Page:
In fieldwork practicum courses, students participate in weekly seminars and conduct related fieldwork at outside organizations. This practicum course will provide students with the experience, knowledge, and analytical skills to identify and apply the criminal laws, evidentiary and procedural rules, and case law relevant to the prosecution of sex crimes. Students will participate in a two hour/week seminar and also undertake 10 hours/week of fieldwork at AEquitas: The Prosecutors’ Resource on Violence Against Women.
SEMINAR: In the two-credit, graded, seminar portion of the practicum, students will learn about the prosecution of sex crimes. Rape and sexual assault laws are complex and evolving. The crime of rape originated as a crime against property – not against a person. While these laws have evolved, they still retain vestiges of their archaic origins, resulting in inconsistency and variability in sex crime terminology and elements from state to state, as well as other anomalies. This course is designed to inform students’ evaluation, preparation, and litigation through a course-long review of a complex sexual assault case file. It will also address the prevalence and perpetration of sexual violence in the United States and will explore the commonalities and differences in the barriers to effectively responding to these cases in the United States and abroad. This practicum course will provide students with the experience, knowledge, and analytical skills to identify and apply the criminal laws, evidentiary and procedural rules, and case law relevant to the prosecution of sex crimes. Students will be exposed to research related to victim behavior, sexual violence perpetration, medical and health issues, and forensics in sexual violence cases in their seminar readings, discussion, and fieldwork. Students will be provided with opportunities to apply the relevant research, court rules, and case law to the course case file. The students’ fieldwork will be complemented weekly by a review of relevant case law and literature, class discussion, lectures by the lead faculty member and guest lecturers, and mock pre-trial and trial exercises. Students will develop an understanding not only of the applicable laws but also of common challenges that arise when investigating and prosecuting these crimes. Topics such as alcohol-facilitated sexual assault, violence against sexually exploited women, commonly co-occurring crimes, prosecutorial decision-making, marital rape, issues of force and consent, and more will be studied.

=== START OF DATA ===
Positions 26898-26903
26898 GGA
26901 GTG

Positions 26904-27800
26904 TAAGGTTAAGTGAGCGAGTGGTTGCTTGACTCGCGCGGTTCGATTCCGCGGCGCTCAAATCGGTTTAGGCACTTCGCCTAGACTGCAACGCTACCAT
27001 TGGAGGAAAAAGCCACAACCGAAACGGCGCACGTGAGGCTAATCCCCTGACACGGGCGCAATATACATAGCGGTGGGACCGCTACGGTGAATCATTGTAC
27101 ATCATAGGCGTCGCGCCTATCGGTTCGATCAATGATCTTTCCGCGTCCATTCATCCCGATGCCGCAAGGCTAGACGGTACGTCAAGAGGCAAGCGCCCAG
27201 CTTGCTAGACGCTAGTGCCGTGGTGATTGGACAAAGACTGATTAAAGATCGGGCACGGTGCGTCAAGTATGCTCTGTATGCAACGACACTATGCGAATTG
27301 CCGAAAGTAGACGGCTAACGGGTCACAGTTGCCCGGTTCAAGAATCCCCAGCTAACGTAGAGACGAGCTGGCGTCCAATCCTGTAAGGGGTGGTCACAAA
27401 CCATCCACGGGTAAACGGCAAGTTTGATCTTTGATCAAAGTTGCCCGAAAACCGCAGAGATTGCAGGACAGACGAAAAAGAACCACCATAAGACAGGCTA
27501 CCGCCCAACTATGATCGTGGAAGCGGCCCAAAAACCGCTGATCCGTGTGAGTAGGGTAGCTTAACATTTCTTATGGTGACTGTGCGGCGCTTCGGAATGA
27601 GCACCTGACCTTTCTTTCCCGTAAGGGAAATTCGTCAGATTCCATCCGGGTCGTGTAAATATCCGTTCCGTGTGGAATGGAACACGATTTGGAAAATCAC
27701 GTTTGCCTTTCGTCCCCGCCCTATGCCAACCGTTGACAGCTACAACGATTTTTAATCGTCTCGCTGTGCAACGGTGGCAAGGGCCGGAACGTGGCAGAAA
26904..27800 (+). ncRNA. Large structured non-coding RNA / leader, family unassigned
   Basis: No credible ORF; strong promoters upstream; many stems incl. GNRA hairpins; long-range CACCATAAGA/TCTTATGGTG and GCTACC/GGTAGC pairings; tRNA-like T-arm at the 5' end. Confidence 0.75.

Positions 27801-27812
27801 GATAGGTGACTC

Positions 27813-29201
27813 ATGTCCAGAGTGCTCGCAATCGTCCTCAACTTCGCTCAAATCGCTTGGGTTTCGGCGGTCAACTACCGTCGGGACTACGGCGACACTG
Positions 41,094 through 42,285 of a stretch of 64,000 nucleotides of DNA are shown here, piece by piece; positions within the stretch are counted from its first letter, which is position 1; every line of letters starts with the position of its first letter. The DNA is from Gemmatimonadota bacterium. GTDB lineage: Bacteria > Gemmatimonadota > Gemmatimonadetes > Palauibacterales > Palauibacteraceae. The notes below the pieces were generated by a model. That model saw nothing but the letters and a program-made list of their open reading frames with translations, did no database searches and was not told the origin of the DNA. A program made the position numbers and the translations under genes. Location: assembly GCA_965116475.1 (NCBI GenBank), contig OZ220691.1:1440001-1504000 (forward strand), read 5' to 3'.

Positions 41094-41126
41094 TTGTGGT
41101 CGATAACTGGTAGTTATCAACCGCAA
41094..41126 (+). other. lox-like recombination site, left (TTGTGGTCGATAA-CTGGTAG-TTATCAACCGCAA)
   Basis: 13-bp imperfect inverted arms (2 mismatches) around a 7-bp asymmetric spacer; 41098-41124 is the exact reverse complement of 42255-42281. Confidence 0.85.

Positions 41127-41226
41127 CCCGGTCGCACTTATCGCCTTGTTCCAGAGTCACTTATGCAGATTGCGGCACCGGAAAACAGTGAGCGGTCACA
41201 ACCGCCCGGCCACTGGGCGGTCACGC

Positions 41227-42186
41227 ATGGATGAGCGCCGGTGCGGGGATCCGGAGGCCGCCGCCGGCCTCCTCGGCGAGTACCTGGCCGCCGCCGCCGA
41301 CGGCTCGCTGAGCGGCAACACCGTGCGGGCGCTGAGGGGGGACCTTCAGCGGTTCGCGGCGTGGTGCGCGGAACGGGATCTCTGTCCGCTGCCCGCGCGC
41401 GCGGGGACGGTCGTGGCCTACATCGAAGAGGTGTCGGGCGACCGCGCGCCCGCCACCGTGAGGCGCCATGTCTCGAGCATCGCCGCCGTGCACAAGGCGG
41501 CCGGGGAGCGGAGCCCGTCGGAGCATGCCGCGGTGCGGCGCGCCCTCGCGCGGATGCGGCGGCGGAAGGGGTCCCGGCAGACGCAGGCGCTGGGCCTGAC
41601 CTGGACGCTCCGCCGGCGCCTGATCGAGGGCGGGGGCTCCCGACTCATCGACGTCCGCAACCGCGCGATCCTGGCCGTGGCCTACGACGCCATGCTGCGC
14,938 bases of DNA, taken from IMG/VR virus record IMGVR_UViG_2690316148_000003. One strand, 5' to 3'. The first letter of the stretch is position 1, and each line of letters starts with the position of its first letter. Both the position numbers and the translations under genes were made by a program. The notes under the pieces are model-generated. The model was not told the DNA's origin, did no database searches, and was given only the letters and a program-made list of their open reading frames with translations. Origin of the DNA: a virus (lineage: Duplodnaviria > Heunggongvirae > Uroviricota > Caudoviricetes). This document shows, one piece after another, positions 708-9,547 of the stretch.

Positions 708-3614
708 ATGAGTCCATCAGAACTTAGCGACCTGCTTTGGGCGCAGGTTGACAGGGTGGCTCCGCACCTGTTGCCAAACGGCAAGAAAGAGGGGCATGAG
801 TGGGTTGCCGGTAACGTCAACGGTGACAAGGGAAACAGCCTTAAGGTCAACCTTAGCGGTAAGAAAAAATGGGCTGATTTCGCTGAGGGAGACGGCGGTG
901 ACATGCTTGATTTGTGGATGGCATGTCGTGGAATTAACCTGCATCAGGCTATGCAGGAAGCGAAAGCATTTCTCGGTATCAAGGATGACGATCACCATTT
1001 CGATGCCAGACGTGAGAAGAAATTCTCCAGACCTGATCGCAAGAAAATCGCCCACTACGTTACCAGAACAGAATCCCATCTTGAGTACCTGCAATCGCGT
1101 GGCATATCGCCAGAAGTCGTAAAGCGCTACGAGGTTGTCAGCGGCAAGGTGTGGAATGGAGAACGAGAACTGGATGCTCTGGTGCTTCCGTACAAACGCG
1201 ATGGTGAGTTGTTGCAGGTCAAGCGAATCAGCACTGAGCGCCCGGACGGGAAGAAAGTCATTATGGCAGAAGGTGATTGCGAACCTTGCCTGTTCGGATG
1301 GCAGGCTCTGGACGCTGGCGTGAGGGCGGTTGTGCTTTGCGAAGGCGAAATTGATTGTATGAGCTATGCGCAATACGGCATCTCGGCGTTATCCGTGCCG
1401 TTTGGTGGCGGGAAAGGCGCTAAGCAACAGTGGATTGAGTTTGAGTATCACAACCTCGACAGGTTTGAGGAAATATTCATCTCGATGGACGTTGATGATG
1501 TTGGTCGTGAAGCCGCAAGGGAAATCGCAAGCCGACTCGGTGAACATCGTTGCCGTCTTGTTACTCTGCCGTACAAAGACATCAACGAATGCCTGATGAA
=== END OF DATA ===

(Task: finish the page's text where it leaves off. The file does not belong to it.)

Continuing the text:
FIELDWORK: In the two-credit, mandatory pass-fail, fieldwork portion of the practicum, students will undertake 10 hours of fieldwork/week at AEquitas, where each student will be supervised by an Attorney Advisor. Students will be expected to assist AEquitas Attorney Advisors with daily tasks of providing technical assistance to prosecutors and allied professionals and to prepare for trainings. Technical assistance requests span the continuum and include but are not limited to: information on experts, legal research (statutory and case law based), policy guidance, and more.
Students will also work in pairs to complete a semester-long project related to AEquitas’s work, focusing on sexual assault prosecution and advocacy. Projects may include:
- Utilizing technology to enhance the prosecution of these cases, such as developing a public service campaign to raise awareness of issues related to prosecution and sexual assault and/or creating short podcasts on relevant topics that feature AEquitas Attorney Advisors and other justice system experts, etc.
- Developing sample briefs
- Analyzing relevant laws
- Peer review of colleagues’ work
The fieldwork portion of this class will also include a writing competition where students will be challenged to choose a topic related to their fieldwork, coursework, and relevant research. One student’s work will be selected for publication in co-authorship with an Attorney Advisor.
- Effectively prosecute sexual violence cases using an offender-focused and victim-centered approach.
- Exercise research-informed discretion to evaluate, litigate, and dispose of cases in a manner that focuses on:
- Identifying a just disposition;
- Determining the proper path to achieving that disposition under the laws of a particular jurisdiction and leading social science research; and
- Considering the impact of decisions on victim safety and well-being.
- Utilize rules of evidence and other legal tools to hold offenders accountable for the full range of their conduct.
- Assume a leadership role and improve the quality of justice in sexual violence cases by refining prosecution practices that increase victim safety and offender accountability.